Adding a Little “Yeehaw” to Your Characters.

On Sunday, I met a cowboy.

For those of you who live in the New England area, you know how genuinely rare it is to meet a real cowboy up here.  I’m talking boots, heavy accent, friendly, big hat, and he just bought twenty acres over the river from us and is planning to run a horse ranch and teach Western-style riding.

I think that is incredibly interesting, even though I really can’t relate to him at all, he was part of the 5% of people who talked to me at work whom I enjoyed talking to.  As most things do, It got me thinking about the way I write.  Every writer wants a character that is relatable, but every book has a host of characters.  We tend to write the characters that are the most relatable to ourselves, or for our target audience, but lots of times we forget about culture.  I’m not talking pop-culture here – referencing that can be dangerous – I’m talking overall culture.  There are a lot of pieces that make each group of people unique, things that are timeless.  Yes, it’s easy to fall into stereotypes, but to be frank… some of those stereotypes can be true, and are acceptable as long as a.) you don’t use them all; and b.) you use them respectfully.  My cowboy said “y’all”.  And he’s looking to build a ranch.  In New England, we have farms, but that’s our culture, not his.  It’s okay to reach into something scary and unfamiliar for your characters!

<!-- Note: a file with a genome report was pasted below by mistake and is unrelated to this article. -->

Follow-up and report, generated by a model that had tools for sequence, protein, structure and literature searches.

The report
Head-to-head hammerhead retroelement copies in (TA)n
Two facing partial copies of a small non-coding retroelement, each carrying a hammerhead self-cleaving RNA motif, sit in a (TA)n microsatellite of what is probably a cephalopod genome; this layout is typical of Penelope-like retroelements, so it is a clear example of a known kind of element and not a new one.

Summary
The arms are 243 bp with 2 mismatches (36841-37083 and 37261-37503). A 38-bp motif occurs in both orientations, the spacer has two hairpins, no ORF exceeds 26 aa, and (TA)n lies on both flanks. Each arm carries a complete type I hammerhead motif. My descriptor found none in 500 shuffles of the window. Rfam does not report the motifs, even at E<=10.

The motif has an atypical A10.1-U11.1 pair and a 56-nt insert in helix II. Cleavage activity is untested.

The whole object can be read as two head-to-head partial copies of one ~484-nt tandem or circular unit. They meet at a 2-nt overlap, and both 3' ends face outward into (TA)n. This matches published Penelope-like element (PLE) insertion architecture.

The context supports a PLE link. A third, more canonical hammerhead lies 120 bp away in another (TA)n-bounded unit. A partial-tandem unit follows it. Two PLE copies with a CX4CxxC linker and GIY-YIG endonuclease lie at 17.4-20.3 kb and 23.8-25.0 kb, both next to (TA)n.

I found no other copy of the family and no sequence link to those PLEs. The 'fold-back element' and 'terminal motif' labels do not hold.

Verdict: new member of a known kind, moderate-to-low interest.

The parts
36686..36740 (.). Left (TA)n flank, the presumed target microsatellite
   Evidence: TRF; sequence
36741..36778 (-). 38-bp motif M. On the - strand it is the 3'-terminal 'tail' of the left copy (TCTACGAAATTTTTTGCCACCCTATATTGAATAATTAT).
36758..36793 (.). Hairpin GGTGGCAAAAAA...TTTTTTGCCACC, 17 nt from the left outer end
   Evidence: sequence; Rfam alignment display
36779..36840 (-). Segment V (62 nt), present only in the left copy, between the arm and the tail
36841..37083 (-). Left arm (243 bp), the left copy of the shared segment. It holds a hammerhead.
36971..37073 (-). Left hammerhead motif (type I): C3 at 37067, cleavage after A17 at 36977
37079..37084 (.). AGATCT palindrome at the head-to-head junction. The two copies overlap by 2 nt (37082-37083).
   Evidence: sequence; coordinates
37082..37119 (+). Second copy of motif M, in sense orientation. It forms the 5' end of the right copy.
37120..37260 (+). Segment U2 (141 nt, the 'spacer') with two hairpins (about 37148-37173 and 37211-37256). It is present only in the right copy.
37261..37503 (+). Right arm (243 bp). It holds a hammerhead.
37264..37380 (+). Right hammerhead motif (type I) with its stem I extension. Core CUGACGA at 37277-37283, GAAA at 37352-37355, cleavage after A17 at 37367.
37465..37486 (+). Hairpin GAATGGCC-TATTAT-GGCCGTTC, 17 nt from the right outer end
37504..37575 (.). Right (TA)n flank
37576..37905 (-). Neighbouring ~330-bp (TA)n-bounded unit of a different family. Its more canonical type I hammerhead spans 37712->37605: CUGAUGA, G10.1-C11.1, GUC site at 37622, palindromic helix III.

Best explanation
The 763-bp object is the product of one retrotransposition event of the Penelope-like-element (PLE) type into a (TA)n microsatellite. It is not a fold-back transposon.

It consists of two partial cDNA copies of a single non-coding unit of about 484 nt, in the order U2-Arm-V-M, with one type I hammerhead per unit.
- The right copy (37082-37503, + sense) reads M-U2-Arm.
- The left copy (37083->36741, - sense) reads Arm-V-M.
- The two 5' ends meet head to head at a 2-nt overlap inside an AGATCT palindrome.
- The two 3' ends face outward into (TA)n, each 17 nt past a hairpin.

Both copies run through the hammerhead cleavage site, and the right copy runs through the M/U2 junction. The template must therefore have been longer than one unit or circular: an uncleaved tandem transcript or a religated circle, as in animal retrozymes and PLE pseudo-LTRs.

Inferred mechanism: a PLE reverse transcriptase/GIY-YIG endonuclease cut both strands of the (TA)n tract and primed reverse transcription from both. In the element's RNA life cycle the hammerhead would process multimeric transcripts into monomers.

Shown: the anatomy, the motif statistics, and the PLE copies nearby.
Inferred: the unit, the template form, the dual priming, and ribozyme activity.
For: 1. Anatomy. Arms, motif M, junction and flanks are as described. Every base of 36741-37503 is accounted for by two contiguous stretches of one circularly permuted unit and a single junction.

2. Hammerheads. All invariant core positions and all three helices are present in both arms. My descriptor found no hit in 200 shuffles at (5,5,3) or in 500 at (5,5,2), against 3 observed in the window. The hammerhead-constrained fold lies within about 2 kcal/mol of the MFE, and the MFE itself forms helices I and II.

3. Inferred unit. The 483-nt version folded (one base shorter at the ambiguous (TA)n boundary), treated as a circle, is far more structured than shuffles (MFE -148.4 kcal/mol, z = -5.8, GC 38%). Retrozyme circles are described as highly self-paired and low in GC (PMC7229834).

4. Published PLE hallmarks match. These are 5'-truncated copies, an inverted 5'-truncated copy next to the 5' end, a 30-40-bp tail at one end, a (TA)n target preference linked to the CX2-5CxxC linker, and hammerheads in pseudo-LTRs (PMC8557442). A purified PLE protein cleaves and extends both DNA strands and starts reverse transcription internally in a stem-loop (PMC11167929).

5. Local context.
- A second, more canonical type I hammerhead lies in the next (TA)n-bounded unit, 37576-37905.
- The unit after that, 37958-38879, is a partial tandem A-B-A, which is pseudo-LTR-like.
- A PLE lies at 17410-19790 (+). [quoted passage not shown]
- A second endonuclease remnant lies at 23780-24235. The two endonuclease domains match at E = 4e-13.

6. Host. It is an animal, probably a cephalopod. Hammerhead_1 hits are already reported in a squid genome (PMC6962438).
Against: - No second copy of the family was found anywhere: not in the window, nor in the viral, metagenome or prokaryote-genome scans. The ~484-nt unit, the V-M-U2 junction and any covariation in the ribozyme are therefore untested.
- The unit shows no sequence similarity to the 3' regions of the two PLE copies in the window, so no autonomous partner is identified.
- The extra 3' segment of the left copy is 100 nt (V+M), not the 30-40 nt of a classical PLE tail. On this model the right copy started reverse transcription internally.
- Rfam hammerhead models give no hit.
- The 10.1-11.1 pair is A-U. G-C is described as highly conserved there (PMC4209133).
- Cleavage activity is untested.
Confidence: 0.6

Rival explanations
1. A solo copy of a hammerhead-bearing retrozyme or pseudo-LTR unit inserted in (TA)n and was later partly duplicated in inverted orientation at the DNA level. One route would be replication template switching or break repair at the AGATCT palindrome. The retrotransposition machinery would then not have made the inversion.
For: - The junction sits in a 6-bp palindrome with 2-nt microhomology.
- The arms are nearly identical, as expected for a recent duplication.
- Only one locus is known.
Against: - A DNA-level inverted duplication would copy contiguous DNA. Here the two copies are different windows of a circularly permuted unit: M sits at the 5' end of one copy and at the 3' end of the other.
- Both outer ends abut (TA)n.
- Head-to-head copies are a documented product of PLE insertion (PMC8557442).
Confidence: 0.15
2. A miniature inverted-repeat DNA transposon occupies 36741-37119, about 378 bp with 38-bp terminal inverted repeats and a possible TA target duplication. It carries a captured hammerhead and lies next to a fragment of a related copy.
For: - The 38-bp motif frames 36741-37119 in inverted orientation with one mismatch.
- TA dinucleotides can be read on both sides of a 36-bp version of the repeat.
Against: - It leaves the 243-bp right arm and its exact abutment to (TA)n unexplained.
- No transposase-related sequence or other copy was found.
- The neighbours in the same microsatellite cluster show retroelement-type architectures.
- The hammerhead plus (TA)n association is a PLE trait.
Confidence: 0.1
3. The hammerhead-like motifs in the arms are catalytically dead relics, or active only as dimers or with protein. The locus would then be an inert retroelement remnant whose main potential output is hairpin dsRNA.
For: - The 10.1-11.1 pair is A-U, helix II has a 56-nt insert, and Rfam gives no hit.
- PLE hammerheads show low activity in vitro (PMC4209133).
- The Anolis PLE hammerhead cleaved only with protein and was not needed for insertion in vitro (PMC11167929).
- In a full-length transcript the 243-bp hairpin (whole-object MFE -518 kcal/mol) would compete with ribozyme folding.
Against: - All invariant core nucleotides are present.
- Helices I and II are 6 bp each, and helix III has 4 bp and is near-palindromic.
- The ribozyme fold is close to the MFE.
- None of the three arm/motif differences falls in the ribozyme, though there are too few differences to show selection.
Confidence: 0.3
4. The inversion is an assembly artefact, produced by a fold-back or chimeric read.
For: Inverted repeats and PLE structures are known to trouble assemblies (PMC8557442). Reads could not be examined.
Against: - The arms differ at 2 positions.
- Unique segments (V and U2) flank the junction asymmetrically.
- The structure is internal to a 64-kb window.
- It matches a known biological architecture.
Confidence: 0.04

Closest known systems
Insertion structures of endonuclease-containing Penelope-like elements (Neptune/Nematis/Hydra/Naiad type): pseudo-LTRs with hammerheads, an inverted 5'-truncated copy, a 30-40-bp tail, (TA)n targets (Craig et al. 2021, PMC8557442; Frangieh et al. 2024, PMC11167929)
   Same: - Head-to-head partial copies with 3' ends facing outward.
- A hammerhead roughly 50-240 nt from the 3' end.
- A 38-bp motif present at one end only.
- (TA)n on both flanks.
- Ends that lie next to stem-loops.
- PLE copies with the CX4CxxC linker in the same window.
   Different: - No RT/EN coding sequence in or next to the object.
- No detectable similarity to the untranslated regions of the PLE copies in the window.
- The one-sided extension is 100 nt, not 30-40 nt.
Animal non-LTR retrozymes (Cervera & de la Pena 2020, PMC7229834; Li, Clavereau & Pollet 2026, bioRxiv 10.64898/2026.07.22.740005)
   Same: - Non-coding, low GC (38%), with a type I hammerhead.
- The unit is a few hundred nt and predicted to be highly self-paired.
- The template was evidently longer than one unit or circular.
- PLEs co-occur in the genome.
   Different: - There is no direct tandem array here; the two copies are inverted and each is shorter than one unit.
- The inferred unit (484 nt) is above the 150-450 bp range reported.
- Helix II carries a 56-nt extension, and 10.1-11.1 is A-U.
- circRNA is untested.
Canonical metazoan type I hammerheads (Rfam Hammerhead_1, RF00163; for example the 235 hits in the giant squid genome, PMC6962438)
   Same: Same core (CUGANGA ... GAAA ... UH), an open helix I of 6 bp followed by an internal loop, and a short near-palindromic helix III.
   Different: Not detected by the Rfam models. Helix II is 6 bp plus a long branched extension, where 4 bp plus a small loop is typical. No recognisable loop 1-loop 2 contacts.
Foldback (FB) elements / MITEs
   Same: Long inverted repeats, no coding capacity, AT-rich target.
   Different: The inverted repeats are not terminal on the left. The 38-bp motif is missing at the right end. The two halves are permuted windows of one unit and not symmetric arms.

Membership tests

That said, some rules of thumb:

  1. Research:  Know your target culture and do not rely on the well-known stereotypes.  Yes, they’re there for a reason.  But there’s so much more!
  2. Respect:  Nobody likes to feel mocked.
  3. Appropriate Use:  Be sure that you’re using the language, especially, correctly.  Those who actually enjoys Shakespeare can tell (and get annoyed) when they hear someone mimicking it, saying something like, “Wouldst thou goest toest thest moviest withest me thou?”  Inappropriate use is insulting to your readers’ intelligence… and makes you look like an idiot.

These things should be relevant to the writing of any character, but become that much more important when it’s for a culture that you are less familiar with.  While it may be okay for you and you friends to joke around about a rodeo, someone who actually rides wild broncos may not find your levity so funny, so keep it real and professional.

For myself, I actually have a cowgirl-character in The Sin Series, who doesn’t enter for a few more books, but I hope that the cowboy sticks around, because there is no better teacher of culture than an actual person (sorry Wikipedia).

Happy writing, and happy weekend!

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